Elizabeth’s second example is the Markkula Center for Applied Ethics at the University of Santa Clara in the US. The Center has a focus on internet ethics, exploring ethical issues in privacy, big data, social media and cybersecurity. Available resources include a teaching module on data ethics and a framework for ethical decision making which is also available as an app.
Rob Sherman – Deputy Chief Privacy Officer, Facebook
As Deputy Chief Privacy Officer, Rob is responsible for managing Facebook’s global engagement on public policy issues around privacy, security, and online trust. Given the scope of his role, Rob is in a unique position to observe data use and privacy protection through a global lens.
There is no doubt the European Union’s new data privacy law, the General Data Protection Regulation (GDPR), is reshaping how organisations are approaching privacy. Rob sees the development of the EU’s GDPR as a positive development.
“Everyone has a right to privacy. GDPR has been a good stepping stone to have a broader global conversation about people’s information and how it is being used. In thinking about GDPR and privacy more broadly, we have been exploring how we can most effectively communicate with people about their information and empower them to make the choices that are right for them.”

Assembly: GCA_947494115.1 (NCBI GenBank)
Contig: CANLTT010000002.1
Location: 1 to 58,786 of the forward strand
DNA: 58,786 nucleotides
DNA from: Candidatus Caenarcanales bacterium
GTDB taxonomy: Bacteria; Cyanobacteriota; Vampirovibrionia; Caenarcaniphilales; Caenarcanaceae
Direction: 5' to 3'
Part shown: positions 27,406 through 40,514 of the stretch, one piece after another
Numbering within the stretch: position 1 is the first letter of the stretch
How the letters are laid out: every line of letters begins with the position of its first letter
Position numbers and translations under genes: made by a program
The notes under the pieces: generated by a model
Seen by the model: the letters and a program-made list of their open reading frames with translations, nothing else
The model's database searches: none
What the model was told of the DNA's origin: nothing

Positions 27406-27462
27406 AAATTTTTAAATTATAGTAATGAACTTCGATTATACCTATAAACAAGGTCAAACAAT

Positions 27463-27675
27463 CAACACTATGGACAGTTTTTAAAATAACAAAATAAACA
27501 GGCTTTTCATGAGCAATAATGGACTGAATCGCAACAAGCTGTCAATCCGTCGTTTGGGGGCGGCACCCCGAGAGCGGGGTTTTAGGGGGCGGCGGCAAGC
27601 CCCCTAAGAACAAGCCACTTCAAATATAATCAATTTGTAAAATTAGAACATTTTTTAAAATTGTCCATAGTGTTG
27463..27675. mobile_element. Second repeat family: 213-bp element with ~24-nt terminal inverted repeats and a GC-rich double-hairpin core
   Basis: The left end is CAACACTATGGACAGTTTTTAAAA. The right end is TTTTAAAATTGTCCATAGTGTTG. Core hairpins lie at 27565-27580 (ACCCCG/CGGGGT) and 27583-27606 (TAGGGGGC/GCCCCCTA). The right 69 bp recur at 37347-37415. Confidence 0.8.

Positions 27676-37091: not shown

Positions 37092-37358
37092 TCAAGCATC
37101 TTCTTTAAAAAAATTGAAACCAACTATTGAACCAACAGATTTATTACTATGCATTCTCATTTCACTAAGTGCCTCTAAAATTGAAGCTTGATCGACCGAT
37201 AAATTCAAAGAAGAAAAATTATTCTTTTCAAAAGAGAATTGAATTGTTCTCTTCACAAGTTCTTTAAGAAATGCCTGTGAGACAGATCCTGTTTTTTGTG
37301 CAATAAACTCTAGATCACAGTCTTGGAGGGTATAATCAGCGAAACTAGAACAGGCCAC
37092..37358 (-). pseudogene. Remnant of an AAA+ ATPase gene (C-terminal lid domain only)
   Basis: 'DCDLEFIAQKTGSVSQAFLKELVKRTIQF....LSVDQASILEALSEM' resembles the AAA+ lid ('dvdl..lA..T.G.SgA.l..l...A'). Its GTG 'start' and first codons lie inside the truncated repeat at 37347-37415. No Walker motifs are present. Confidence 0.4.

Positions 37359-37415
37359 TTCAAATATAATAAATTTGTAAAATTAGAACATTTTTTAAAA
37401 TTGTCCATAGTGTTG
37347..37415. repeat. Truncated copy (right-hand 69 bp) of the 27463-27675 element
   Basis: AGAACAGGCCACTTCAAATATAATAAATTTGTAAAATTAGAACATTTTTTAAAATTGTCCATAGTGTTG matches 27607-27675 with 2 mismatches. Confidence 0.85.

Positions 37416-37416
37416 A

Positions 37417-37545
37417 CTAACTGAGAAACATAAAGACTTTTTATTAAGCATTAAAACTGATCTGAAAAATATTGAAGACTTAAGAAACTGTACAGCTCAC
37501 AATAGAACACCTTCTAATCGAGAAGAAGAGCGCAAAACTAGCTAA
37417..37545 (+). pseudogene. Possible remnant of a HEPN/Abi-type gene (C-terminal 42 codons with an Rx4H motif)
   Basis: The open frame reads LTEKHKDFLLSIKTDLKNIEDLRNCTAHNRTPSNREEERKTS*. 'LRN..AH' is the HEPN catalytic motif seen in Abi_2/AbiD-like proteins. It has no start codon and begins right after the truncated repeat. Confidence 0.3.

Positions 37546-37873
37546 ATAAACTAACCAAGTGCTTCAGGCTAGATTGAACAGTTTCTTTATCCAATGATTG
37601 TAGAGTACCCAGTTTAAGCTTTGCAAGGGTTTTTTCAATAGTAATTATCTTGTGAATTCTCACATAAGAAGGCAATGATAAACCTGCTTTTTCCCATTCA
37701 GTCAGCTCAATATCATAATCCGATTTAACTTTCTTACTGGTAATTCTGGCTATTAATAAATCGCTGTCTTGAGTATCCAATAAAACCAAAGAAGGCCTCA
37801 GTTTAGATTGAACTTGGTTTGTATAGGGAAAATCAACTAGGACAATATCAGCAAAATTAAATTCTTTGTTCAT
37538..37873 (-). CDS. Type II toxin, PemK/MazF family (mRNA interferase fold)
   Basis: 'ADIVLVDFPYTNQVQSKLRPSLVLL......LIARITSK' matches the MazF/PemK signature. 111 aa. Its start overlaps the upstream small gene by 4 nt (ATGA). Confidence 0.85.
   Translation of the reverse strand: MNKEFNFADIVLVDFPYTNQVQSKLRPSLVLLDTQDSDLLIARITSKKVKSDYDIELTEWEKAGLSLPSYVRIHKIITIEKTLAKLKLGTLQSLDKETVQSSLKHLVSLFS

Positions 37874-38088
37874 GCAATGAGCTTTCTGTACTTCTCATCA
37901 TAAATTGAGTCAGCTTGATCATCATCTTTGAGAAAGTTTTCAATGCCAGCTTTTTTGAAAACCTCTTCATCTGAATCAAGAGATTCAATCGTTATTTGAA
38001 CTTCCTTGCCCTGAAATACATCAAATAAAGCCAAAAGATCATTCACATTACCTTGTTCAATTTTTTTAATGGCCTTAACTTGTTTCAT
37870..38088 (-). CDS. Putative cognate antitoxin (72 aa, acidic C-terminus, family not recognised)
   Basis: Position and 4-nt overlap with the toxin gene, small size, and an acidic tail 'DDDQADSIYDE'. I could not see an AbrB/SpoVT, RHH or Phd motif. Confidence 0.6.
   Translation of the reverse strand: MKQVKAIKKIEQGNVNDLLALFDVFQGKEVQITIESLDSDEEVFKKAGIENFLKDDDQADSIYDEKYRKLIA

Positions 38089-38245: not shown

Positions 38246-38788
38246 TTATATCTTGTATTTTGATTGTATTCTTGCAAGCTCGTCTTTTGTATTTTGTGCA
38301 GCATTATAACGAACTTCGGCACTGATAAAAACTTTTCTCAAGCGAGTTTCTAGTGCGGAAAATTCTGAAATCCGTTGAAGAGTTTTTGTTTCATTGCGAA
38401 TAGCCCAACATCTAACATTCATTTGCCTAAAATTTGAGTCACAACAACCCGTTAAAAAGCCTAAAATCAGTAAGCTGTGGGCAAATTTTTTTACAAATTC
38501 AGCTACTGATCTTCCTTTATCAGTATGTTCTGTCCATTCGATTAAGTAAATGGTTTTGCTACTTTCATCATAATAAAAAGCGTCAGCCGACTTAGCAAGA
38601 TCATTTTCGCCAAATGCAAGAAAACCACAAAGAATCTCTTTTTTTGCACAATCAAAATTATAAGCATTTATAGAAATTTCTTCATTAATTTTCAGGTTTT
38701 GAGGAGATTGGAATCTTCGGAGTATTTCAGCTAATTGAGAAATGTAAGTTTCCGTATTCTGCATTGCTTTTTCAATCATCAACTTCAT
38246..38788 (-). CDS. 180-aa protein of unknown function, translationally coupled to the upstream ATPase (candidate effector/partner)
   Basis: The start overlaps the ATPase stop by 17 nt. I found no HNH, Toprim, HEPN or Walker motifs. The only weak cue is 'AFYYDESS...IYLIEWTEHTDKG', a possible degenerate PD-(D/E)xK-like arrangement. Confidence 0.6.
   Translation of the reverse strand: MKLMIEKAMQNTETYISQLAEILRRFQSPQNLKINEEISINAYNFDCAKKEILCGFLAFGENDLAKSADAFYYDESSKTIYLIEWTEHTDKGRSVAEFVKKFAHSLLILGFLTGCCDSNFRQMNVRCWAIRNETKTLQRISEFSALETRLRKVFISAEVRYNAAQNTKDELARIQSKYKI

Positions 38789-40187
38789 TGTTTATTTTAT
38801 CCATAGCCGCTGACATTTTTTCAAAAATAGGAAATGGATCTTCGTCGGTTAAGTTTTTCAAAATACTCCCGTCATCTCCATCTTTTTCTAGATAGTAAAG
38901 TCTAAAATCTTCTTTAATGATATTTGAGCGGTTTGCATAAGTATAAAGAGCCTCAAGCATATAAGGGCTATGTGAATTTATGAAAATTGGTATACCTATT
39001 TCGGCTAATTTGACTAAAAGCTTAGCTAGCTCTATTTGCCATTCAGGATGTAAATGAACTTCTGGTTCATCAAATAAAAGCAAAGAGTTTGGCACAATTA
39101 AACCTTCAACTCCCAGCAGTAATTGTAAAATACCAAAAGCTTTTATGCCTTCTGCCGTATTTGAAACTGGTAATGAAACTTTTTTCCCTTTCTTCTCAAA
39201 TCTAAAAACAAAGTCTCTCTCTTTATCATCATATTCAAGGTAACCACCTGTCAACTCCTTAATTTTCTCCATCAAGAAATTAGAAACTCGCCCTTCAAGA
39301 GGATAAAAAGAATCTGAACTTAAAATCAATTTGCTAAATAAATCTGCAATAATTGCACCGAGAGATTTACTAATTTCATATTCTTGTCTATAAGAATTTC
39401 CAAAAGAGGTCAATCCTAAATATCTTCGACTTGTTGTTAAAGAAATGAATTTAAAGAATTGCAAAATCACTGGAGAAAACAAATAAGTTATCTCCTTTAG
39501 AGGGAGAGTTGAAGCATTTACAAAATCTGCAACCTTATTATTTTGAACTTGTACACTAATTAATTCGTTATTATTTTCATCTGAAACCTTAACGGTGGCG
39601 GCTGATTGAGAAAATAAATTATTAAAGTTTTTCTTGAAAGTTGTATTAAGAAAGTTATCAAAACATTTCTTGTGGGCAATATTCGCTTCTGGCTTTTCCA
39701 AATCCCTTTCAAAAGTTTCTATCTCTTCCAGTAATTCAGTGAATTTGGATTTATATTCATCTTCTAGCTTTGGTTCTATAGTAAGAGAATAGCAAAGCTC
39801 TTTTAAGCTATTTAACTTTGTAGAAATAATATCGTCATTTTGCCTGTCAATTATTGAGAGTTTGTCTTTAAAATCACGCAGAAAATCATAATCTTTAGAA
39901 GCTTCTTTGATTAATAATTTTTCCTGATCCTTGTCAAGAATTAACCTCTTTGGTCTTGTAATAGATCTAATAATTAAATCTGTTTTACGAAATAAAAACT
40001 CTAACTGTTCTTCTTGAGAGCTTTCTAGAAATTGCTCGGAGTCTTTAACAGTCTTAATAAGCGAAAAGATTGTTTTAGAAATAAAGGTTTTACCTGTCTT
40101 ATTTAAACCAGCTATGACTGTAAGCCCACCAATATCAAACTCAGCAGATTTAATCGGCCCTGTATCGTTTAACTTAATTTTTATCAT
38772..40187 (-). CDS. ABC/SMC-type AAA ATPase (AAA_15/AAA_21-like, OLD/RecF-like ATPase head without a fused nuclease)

“As we think about GDPR in Australia and privacy regulation globally, the big questions are what are the basic rights everyone should have with their data, how is this translated in practice and how do we make sure it is communicated in a way that is understandable and accessible.”
“For services like Facebook, our responsibility is to work with governments, experts and users to communicate more about how their information is used and what choices they have.”
“People then have the ability to take action on whatever is important to them.”
He cites the example of changes made to the privacy shortcuts feature on Facebook. These centralise Facebook main privacy controls with clearer explanations of how the controls work. The user experience is now more accessible and easy-to-find.
When it comes to data ethics, Rob says, “Making sure we are complying with the law is always going to be important and essential to what we do. But if that’s all we are doing, it is not enough. We need to think more broadly about the implications of the services we are providing and how those services are being used in the world.” Rob points to the example of the application of machine learning in Facebook and addressing bias so there are no unintended consequences.
“This requires a more nuanced and sophisticated conversation, both internally and with experts outside the company.”